The R’lyeh Tribune is now almost 10 months old—still young for a blog—and features just over 200 posts. Most of these are reviews or short essays, and reflect the reading I have done of such authors as H.P. Lovecraft, Robert E. Howard, and Clark Ashton Smith, among others. Since May of last year I have sampled the work of about 30 different authors who were active in the early 20th Century, and ruminated on close to 200 of their short stories. However, there are still several important writers from this period I have yet to study. So this is by no means an exhaustive review; I have really only just begun to mine the deep vein of horror, science fiction and fantasy published in the pulp magazines of the 1920s and 1930s.
This is a fascinating body of literature, produced somewhere between the “Radium Age” and the “Golden Age” of Science Fiction, before horror, fantasy and science fiction became more clearly differentiated from each other. Gadgets and gizmos and pseudo-scientific theories appear in these stories, but so do ghouls and ghosts and the Unausprechlichen. Science and technology vie with supernatural explanations of the unknown. Depending on the author, one or the other of these perspectives will win out. Cosmicism and religious sentiment also struggle in these stories over questions of ultimate meaning and fate. The tensions among these various perspectives indicate a period of great transition, and more broadly reflect a modern society also going through many rapid changes.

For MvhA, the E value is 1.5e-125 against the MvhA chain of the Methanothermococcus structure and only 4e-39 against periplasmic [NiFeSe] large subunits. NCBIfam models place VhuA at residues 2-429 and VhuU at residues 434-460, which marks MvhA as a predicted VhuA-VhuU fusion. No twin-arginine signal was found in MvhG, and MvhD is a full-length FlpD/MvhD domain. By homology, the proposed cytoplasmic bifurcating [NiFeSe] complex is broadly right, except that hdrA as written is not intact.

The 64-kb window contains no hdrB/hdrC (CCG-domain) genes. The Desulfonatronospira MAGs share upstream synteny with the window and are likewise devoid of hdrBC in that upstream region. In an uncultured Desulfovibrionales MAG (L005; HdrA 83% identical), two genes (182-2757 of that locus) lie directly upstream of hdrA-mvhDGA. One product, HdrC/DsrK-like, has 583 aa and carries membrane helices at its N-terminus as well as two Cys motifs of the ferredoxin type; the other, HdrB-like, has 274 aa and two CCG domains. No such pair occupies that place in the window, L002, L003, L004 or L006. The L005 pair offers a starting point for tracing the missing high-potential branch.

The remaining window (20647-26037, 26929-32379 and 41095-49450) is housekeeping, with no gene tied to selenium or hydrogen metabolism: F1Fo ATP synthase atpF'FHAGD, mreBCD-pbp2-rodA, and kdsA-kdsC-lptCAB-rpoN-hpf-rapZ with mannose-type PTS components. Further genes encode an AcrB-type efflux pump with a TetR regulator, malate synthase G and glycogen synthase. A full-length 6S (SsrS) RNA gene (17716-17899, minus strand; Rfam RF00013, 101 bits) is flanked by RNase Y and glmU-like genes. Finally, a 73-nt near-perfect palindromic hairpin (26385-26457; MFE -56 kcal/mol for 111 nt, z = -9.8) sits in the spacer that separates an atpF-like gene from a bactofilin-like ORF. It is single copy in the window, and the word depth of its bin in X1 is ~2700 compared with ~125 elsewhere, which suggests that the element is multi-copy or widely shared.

Admittedly, the pulp fiction of this time contains appalling racism, chauvinism, and a variety of other ‘isms’ that would be considered politically incorrect these days. These stories are filled with anxiety about miscegenation, subversion, war, disease and loss of the familiar and traditional. This is the base metal of cultural nightmares transmuted into contemporary horror, science fiction and fantasy—our society’s journal of bad dreams. To be fair, our own cultural blind spots will probably be undetectable for another 100 years. Here and there are glimmerings of more enlightened views—or at least what we from our 21st Century perspective would consider enlightened.
Given the subject and timeframe under study, three authors have so far received more attention than the others: H.P. Lovecraft, Robert E. Howard, and Clark Ashton Smith. The plan is to continue perusing the work of the latter two writers, and explore some of the lesser known authors who appeared side by side with them in various pulp magazines. Readers are welcome to make suggestions or recommendations if I have overlooked anyone of significance. (At the moment I am thinking of taking a deeper look at the work of P. Schuyler Miller, Wallace West, and Manly Wade Wellman.)
For me, The R’lyeh Tribune has essentially become an ongoing study of H.P. Lovecraft and his colleagues, and perhaps an accumulation of notes for a dissertation I may yet write. What fascinates me most about the material is the recurrence and development of certain ideas and patterns of imagery:
1. Why is the color green so often a signal for the approach of the awful or unknown?
2. Why don’t any of the lead characters have jobs?
3. Why were so many of these authors preoccupied with pre-Christian religious ideas or busy creating their own pantheons of “Elder Gods”?
4. How are relationships among authors in the Lovecraft circle depicted in the characters of their stories?
5. Where in this literature is evidence of changing attitudes toward women, minorities, and other cultures?
6. What form do contemporary advances in science and technology take in these stories?
And so forth.